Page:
Take a TV test. TV networks still believe your positive results are crucial for their fall season. For decades, business analysts have heard these pleas -- something senior TV executives can hang
their hats on. Better than a whim or a hunch.
But these factors can be considered as well.
Take NBC and think TV testing. It had a great fall season this year -- but, for the most part, scripted shows weren't a main success for success. NBC's big results came from a singing reality show ("The Voice") and a longtime high-rated sports franchise ("Sunday Night Football").
But since then, NBC has trailed off a bit. The good news: it is not in the position it was a year ago. Through May 5, NBC was in third place, down just 4% from a year ago to a 2.4 rating among 18-49 viewers, looking at live ratings plus seven days of time-shifted viewing.
New shows for next season that made the grade, or test, for NBC: One is about a girl who discovers her supernatural powers. Another, about a divorced gay dad who juggles work with raising a teenage daughter. Still, another about a comedy about a white high-school graduate impregnated by her Latino boyfriend.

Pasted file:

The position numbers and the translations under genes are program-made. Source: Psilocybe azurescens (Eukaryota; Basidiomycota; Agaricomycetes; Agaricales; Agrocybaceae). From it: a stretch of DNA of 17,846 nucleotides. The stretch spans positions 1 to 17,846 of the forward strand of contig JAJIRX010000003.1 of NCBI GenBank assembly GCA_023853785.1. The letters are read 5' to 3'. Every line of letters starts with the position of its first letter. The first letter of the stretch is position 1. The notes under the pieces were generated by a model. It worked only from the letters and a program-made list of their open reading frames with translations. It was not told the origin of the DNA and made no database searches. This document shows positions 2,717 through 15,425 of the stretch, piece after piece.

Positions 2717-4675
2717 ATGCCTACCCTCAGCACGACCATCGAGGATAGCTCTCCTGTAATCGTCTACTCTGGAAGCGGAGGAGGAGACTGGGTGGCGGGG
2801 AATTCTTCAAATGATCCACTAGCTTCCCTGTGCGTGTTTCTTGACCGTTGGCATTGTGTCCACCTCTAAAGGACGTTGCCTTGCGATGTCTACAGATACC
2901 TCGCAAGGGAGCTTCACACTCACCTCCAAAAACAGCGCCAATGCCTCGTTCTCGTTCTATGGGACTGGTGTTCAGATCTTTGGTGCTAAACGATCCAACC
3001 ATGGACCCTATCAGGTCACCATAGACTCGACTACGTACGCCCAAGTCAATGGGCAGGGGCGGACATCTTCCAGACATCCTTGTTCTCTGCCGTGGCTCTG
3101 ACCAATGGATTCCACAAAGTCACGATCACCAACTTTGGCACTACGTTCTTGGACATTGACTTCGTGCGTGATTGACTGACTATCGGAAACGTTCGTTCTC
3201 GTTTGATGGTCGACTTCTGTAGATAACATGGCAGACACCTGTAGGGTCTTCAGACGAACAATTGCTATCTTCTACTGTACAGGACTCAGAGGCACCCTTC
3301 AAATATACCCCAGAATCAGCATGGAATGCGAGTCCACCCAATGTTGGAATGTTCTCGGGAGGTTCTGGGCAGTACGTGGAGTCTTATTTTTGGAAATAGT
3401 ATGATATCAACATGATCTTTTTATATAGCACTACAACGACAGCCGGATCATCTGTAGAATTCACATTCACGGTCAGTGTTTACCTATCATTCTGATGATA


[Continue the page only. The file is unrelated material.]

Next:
For all this and other shows for NBC, Bob Greenblatt, president of NBC Entertainment, stated: "This is the most robust and highest-testing slate of new shows we have had in years." Well, everyone needs confidence, even when historical broadcast trends have been moving south -- generally speaking -- for decades.
Two good-rated shows in the current season have been "NBC's "Revolution" and Fox's "The Following." Did they test well? Seems that no broadcast network TV shows come untested.
Cable networks will tell you the same thing. Except, it seems cable networks, which have a lower threshold, at least, according to Kevin Reilly, chairman of entertainment for Fox Broadcasting.
He says: "We live by a different standard. The vast majority of cable [ratings] flow comes from our network programing. We cancelled shows that most cable networks would continue with."
New wave testing would like to take advantage of social media. But few have figured out how to harness its power for future TV programs. Typically in a tradition TV test, there's screening room where people have dials or other devices in their hands to give their immediate reactions to a TV show -- its cast, the storyline, and the overall production -- while it plays. Many data points can be collected.
But any real "test" comes from the first airing of a show -- which takes into account all the stuff a test can't account for: marketing, lead-in programming, scheduling and other factors. So think about TV testing scores as something just to consider.
And then factor this: One of the worst testing scores ever for a TV show was one from NBC called "Seinfeld."